The most important event of my whole life was my circumcision.
In Maa culture, the circumcision ceremony is the initiation that makes a boy a man.
In the Maa world, a man who is not circumcised is considered a small boy.
...people will not take him seriously if he's not circumcised.
...circumcisions don't take place every year. They're generally held several years apart-whole generations are circumcised together.
When you're circumcised with a group of people, you always identify yourself as part of that group. There were maybe 200 in my group, from my village and several surrounding villages, ages 12 to 22.
The first step for any group of young men is to ask for circumcision from the elders in the community. The way you ask is to sing songs.
This can be a thing that takes several months and many songs. Elders want you to understand that manhood doesn't come easily.
The next two steps are called ilbaa and naingure. Everyone who is going to be initiated has to cut arrows.
After the circumcision, when their wounds are sill fresh, warriors are required to practice their life skills using these arrows.
Also, there's a particular kind of rope to bind the arrows. A warrior's mother collects this material, makes the rope, and ties the arrows in a bundle.
Finally, your mother has to kill two or three goats to make a leather coat for you, because for a month before you're circumcised, you have to wear leather. This goats have to be pure white or pure black - no markings. It's very difficult to get goats like that, so people look for months to find them.
Finally the day came. A special village - called an alorora - was created for the ceremony. Only the families of the boys being initiated were allowed to set up their huts in that village.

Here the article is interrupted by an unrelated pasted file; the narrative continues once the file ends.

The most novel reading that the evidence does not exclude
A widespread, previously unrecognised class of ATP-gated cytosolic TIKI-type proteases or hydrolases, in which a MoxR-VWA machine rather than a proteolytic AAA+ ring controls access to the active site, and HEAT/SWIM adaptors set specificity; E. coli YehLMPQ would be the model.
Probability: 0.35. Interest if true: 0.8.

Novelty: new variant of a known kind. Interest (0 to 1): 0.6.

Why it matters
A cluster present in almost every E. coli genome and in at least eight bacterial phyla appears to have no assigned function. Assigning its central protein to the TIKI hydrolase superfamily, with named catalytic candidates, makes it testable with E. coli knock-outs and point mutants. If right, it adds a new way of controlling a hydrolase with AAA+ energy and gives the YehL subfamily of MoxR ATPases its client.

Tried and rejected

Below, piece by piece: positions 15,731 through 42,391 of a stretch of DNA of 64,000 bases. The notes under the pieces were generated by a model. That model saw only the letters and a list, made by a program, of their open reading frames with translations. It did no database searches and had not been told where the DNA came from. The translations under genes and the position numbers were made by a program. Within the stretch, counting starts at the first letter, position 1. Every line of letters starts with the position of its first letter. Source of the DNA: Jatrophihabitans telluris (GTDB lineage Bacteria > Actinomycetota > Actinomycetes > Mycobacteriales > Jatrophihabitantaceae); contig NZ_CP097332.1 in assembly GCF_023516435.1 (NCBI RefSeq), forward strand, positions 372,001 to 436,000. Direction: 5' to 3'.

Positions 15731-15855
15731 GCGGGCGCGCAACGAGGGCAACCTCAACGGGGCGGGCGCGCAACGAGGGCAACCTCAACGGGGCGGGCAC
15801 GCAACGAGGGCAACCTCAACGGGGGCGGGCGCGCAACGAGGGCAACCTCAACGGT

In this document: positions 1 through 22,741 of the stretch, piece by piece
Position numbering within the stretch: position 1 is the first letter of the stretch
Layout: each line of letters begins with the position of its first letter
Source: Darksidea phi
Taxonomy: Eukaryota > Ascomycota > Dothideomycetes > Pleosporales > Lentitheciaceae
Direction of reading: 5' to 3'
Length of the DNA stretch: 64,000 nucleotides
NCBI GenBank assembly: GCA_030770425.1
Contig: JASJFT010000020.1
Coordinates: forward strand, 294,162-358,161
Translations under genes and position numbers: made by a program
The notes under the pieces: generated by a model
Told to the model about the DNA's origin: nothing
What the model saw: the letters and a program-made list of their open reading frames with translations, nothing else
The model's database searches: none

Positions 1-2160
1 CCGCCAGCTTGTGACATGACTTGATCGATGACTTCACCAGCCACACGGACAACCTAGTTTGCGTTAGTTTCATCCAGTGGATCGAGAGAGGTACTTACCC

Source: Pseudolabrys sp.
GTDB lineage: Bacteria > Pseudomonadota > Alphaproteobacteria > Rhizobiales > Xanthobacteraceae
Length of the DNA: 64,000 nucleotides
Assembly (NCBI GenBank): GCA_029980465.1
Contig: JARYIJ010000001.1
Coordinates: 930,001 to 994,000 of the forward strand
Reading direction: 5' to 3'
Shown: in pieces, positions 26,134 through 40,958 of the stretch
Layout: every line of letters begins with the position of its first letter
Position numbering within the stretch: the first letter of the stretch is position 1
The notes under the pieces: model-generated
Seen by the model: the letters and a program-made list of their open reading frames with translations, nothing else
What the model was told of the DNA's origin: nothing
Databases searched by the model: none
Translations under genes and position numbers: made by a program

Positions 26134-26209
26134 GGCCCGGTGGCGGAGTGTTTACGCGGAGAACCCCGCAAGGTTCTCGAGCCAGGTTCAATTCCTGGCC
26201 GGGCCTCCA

Early in the morning, about 6 o'clock, the circumcision started. The best-known, most prominent family always goes first. Within the family it goes by seniority.
Then came the man with the knife. He danced in front of me, spitting and waving his knife in the air to scare me. This is one of the rituals.
My family poured water mixed with milk - considered a blessing - in my face...
For seven, eight, or ten minutes, or however long it takes, no blinking, no movement, my eyes open but as still as a rock.
Eight, nine minutes. It's complicated process, so how long it takes depends on how good the circumciser is. If he's not so gut, too bad for you, you have to go for ten minutes or more. If he makes a mistake, you have to wait for him to fix it - you have no choice, you cannot leave. As the initiation was going on, I could hear songs coming from every part of the village. Songs of bravery and brotherhood, songs of the clan.
Finally, after probably seven or eight cuts...the circumciser said, "Wake up. You're a man now."
From that time on, your world has changed forever. At that time, it felt like heaven had opened and everything was clear, except the pain was getting worse by the minute.
As soon as you pass the test, you're allowed to ask for cows from everyone in your family who is present. I got 22 that day.
We all remained in the village for a couple of months to heal, to grow close to one another, and to get ready for the big feast to celebrate our initiation. ...each warrior is supposed to kill birds to make a skin headband.
The big occasion when we were finally recognized as men was a ceremony called lmuget. Each new warrior was required to slaughter a cow, and all the tribe came from many surrounding villages to join the fest.
This ceremony marked the end of the long celebrations.
This small Maasai Joseph Lemasolai tought us in his book that everyone can overcome any hardship and any challenge. He finished missionary school and got a chance to study in America. He recently completed a master's degree in international education policy at Harvard University and intends to use his knowledge and skills to improve the lives of the traditional peoples of East Africa.
In nomadic Kenya, most children are forced to choose between family duties and an education. Thay have to walk miles to find drinking water and have limited access to proper medical care. Josepf has helped his mother's village and the villages nearby to have clean running water, a modern school and dormitory, computers and other benefits.
As he call himself he became "A Warrior In Two Wolds" who struggle to give nomadic children hope and ambition to further their educations and grow up to strengthen his people, his country, and the world.